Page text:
Arming the campus cops: A descriptive and multivariate assessment of support

Don Hummer, Thomas L. Austin, Vic W. Bumphus

Research output: Contribution to journalArticlepeer-review

7 Scopus citations


The general characteristics of crimes occurring on American college and university campuses have changed, reflecting a much greater frequency and variety of criminal activities. Therefore, many campus police departments are considering alternative mechanisms aimed at crime control and diminishing the fear levels of constituents. While most municipal police agencies routinely arm themselves, traditionally, armed police forces have been uncharacteristic of campus law enforcement, especially at smaller, rural and suburban schools. The present research assesses campus constituency support and rationale for arming the police force at one university. Constituent status, gender, fear of crime, outcome of contact with an officer, and political ideology are among the variables discussed in relation to this contemporary issue.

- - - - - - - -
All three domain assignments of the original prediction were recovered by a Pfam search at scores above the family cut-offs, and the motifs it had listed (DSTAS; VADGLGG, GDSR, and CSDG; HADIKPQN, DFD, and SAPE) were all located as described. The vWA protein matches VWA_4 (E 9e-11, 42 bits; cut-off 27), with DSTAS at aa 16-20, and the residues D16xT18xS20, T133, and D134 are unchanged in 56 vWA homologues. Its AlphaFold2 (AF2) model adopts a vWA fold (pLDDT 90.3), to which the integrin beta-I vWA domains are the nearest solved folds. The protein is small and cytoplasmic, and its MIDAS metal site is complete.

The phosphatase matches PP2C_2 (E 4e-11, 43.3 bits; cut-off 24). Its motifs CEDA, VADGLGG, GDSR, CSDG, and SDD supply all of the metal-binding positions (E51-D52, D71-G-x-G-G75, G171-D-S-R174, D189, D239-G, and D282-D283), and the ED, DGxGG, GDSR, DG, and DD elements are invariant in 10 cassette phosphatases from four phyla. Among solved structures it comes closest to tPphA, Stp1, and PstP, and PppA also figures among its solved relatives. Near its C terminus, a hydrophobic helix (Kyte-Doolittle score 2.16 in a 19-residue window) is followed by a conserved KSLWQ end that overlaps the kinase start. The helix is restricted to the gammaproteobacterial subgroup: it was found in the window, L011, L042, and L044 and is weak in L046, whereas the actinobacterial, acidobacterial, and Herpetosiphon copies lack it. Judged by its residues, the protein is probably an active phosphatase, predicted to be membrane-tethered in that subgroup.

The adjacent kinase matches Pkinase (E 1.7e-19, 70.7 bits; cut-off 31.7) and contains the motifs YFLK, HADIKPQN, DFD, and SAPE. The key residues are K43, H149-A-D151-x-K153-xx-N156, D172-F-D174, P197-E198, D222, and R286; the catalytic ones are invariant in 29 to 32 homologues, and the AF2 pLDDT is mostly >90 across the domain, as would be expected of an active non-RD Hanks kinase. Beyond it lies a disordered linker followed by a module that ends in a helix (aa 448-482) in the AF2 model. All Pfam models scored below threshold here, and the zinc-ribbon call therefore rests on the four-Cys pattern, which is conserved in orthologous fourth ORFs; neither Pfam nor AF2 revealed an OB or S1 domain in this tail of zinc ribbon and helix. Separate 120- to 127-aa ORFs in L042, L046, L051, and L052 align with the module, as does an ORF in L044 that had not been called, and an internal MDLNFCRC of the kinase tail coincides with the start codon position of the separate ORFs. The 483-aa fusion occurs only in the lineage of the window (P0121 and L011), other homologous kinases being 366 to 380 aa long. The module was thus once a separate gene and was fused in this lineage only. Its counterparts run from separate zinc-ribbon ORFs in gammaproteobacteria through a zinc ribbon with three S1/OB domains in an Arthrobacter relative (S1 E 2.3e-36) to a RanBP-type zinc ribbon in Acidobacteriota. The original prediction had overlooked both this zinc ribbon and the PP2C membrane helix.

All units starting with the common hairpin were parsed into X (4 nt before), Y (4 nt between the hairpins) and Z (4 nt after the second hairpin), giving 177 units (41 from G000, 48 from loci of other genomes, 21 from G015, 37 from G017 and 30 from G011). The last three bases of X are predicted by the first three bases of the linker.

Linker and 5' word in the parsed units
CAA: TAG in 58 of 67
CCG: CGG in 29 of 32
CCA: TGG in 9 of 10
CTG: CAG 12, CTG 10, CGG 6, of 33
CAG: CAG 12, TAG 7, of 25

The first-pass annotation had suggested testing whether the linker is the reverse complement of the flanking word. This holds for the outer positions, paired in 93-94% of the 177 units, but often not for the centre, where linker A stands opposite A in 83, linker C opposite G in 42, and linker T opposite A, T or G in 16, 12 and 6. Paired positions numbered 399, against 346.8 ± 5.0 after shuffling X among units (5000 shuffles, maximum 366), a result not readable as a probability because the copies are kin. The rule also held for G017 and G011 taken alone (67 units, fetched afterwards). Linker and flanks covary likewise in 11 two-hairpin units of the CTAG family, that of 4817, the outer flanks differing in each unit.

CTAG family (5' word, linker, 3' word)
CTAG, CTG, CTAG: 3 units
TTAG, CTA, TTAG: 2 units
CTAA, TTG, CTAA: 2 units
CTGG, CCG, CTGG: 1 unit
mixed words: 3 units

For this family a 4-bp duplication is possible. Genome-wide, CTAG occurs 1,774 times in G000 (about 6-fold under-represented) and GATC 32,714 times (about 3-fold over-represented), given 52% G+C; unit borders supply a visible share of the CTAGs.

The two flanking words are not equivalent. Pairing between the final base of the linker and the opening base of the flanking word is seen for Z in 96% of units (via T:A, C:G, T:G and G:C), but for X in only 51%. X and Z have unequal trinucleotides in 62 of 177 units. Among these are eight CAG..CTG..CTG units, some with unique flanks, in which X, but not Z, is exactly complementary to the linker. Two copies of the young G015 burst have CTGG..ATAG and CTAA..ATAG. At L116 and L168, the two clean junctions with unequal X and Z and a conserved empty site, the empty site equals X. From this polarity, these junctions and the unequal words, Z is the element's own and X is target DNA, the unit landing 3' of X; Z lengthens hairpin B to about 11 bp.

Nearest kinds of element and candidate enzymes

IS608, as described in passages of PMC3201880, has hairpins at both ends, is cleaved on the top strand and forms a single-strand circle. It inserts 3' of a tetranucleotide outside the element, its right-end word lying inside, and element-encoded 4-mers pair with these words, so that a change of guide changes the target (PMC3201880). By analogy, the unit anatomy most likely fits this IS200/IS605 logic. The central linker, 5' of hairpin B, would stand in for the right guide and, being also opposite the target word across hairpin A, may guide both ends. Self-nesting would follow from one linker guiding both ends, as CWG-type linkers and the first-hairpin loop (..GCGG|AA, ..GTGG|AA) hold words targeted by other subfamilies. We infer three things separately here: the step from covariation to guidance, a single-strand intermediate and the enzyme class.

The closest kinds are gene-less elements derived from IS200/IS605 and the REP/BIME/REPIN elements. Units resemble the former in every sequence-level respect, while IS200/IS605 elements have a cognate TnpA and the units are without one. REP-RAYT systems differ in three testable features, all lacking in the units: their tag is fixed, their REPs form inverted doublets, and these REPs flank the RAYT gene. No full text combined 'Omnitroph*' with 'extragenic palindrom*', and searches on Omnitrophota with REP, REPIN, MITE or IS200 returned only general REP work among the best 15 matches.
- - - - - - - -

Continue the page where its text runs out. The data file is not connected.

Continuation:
Original languageEnglish (US)
Pages (from-to)255-268
Number of pages14
Issue number2
StatePublished - 1998

All Science Journal Classification (ASJC) codes

  • Pathology and Forensic Medicine
  • Public Administration
  • Law


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